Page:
Originally Posted: Apr 4, 2012
Last Updated: Jun 6, 2017
Thinking about majoring in business? You’re not alone: business administration and management tops The Princeton Review’s list of the 10 most popular college majors. Admission to the premier business schools in the country can be as cutthroat as the business world itself, so help set yourself apart from the crowd by attending a pre-college summer business program.
General business programs
If you’ve done any research into undergraduate business schools, you’ve probably heard of the University of Pennsylvania’s Wharton School of Business. But you don’t need to make it past the UPenn admission committee to take advantage of Wharton’s vast resources. At Leadership in the Business World, students entering their senior year of high school attend lectures and presentations by Wharton faculty and guest speakers; visit business enterprises and meet with professionals in finance, entrepreneurship, entertainment, real estate, and retail. Participants even prepare and present a business plan to a team of venture capitalists.
Start me up
Fancy yourself the next Steve Jobs or Mark Zuckerberg? Learn to mind your own business with a summer program for aspiring entrepreneurs. At Susquehanna University’s Leadership Institute for Entrepreneurship, each student acquires seed money, hires personnel, pays expenses, manages inventory, and then sells his or her company (cha-ching!)
Big boss man
You know how the top step of ladders always says “WARNING: THIS IS NOT A STEP”? If you’re the type to step on it anyway, you might be suited to climbing the corporate ladder--where the top step is reserved for CEOs and it’s awesome.
Future chairmen of the board from African American, Latino, Asian American, or Native American backgrounds can attend a series of leadership and management workshops at the Indiana University Kelley School of Business Junior Executive Institute. No money? No problem--the program is tuition-free.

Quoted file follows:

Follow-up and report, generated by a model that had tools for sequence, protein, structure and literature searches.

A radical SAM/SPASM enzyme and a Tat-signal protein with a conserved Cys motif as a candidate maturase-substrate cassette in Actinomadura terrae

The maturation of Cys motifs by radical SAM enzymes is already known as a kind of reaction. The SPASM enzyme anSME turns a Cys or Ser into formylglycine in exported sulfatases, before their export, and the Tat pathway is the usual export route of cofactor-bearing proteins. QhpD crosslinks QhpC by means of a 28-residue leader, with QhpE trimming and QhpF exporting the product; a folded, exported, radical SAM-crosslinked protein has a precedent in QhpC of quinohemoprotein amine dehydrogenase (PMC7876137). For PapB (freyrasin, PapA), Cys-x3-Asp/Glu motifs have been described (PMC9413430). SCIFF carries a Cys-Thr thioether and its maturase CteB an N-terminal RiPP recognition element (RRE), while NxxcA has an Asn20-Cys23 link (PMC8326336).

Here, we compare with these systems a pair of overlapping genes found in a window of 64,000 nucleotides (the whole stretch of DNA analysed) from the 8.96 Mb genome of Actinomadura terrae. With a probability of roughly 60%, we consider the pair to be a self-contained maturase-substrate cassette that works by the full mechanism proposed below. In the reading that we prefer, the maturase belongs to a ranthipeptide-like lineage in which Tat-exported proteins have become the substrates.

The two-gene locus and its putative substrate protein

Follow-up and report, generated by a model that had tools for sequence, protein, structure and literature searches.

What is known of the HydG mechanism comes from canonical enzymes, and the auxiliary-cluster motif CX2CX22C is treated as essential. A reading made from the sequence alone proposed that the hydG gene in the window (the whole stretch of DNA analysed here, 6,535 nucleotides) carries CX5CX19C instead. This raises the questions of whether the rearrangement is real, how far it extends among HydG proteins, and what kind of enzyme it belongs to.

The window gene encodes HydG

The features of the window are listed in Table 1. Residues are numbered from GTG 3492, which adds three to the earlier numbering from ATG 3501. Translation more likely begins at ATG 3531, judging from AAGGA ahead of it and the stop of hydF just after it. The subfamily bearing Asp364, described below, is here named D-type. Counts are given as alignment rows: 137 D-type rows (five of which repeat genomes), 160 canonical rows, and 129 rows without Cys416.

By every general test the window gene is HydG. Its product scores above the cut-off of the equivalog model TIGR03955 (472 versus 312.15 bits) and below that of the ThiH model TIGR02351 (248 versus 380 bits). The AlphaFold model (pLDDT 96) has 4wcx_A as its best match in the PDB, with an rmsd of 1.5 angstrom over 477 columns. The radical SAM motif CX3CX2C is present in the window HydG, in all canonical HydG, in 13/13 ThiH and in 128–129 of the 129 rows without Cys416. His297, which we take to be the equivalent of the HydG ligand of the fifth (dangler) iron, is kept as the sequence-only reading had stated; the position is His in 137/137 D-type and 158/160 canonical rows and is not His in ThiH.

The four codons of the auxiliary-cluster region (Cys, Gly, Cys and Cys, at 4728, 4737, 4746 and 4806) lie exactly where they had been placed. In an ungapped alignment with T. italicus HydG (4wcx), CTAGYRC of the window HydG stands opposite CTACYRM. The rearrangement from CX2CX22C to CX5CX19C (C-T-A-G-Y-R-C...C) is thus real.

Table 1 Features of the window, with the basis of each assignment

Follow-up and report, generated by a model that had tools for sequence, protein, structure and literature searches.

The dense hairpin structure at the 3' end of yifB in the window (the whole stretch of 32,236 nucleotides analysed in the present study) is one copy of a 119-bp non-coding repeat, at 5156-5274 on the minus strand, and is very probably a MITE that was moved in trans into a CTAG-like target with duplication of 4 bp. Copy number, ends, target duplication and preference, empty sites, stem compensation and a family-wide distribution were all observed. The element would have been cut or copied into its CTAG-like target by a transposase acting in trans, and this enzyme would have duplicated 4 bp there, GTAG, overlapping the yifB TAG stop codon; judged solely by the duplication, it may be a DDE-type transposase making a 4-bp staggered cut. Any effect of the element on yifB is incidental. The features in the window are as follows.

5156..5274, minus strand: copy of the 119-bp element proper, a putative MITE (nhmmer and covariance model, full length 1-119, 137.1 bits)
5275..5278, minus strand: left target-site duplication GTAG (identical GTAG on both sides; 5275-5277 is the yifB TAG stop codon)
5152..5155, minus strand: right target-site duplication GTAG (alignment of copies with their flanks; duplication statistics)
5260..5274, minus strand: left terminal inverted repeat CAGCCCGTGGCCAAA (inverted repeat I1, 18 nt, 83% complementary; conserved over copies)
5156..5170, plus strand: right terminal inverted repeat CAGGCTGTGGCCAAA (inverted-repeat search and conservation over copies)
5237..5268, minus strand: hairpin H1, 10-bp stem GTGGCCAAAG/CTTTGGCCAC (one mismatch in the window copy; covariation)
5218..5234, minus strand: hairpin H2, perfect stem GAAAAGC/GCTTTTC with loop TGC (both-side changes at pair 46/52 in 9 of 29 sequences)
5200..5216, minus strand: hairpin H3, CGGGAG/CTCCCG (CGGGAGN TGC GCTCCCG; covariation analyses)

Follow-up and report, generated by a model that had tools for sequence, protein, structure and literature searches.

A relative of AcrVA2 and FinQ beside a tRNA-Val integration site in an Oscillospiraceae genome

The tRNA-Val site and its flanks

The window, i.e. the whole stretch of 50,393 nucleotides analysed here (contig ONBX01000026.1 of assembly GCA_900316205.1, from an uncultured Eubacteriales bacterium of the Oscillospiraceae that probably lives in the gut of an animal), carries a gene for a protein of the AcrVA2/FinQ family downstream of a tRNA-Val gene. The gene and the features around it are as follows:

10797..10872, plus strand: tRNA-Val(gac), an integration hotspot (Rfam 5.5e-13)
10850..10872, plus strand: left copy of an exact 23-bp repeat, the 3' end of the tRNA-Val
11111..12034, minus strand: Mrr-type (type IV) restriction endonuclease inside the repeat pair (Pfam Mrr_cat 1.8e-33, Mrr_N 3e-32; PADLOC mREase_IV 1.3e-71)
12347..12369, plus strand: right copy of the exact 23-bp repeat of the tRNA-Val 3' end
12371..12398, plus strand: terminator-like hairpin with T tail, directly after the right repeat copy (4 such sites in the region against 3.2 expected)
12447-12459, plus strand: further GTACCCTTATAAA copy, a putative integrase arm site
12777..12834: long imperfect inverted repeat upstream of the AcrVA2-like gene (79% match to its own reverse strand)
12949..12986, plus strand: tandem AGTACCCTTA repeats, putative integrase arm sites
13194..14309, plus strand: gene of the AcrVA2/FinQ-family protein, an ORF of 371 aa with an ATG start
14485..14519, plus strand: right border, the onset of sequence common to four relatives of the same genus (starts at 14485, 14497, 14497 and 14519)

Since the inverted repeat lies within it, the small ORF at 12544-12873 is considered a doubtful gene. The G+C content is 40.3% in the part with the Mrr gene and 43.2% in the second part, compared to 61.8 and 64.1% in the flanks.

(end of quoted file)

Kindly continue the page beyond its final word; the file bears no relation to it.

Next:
Offered each summer at Columbia, Emory, and the University of Texas at Austin, the curriculum at Operation Enterprise addresses leadership, management, business writing, presentation skills, strategic planning, and negotiation.
Invest in your future
The high-risk, high-reward world of Wall Street isn’t for everyone, but future traders can get rich or die trying at Bentley University’s Wall Street 101. Greed is good, but take it easy on those collateralized debt obligations and credit default swaps, or you might throw the economy into another recession.
For a big-picture view of how the economy functions, the Foundation for Teaching Economics conducts Economics for Leaders seminars at college campuses around the country, focusing on responsible leadership and economic analysis.
Maybe you’ve had your fill of business and economics training through your high school curriculum, and you want to spend your summer learning something new. In the global business world, companies treasure applicants who speak other language--especially Mandarin Chinese. More and more high schools are offering Mandarin every year, but if yours isn’t one of them, you still have options. You could eat Chinese food every night and learn one word at a time from fortune cookies, which would be delicious but time-consuming. Or you could save some calories and look for a summer language program on Summer Program Search.
So whether you attend one of the programs above or find another option, you’ll show undergraduate admission officers that you’re serious about a career in business. Oh and whatever you do, don’t forget to pack your business socks.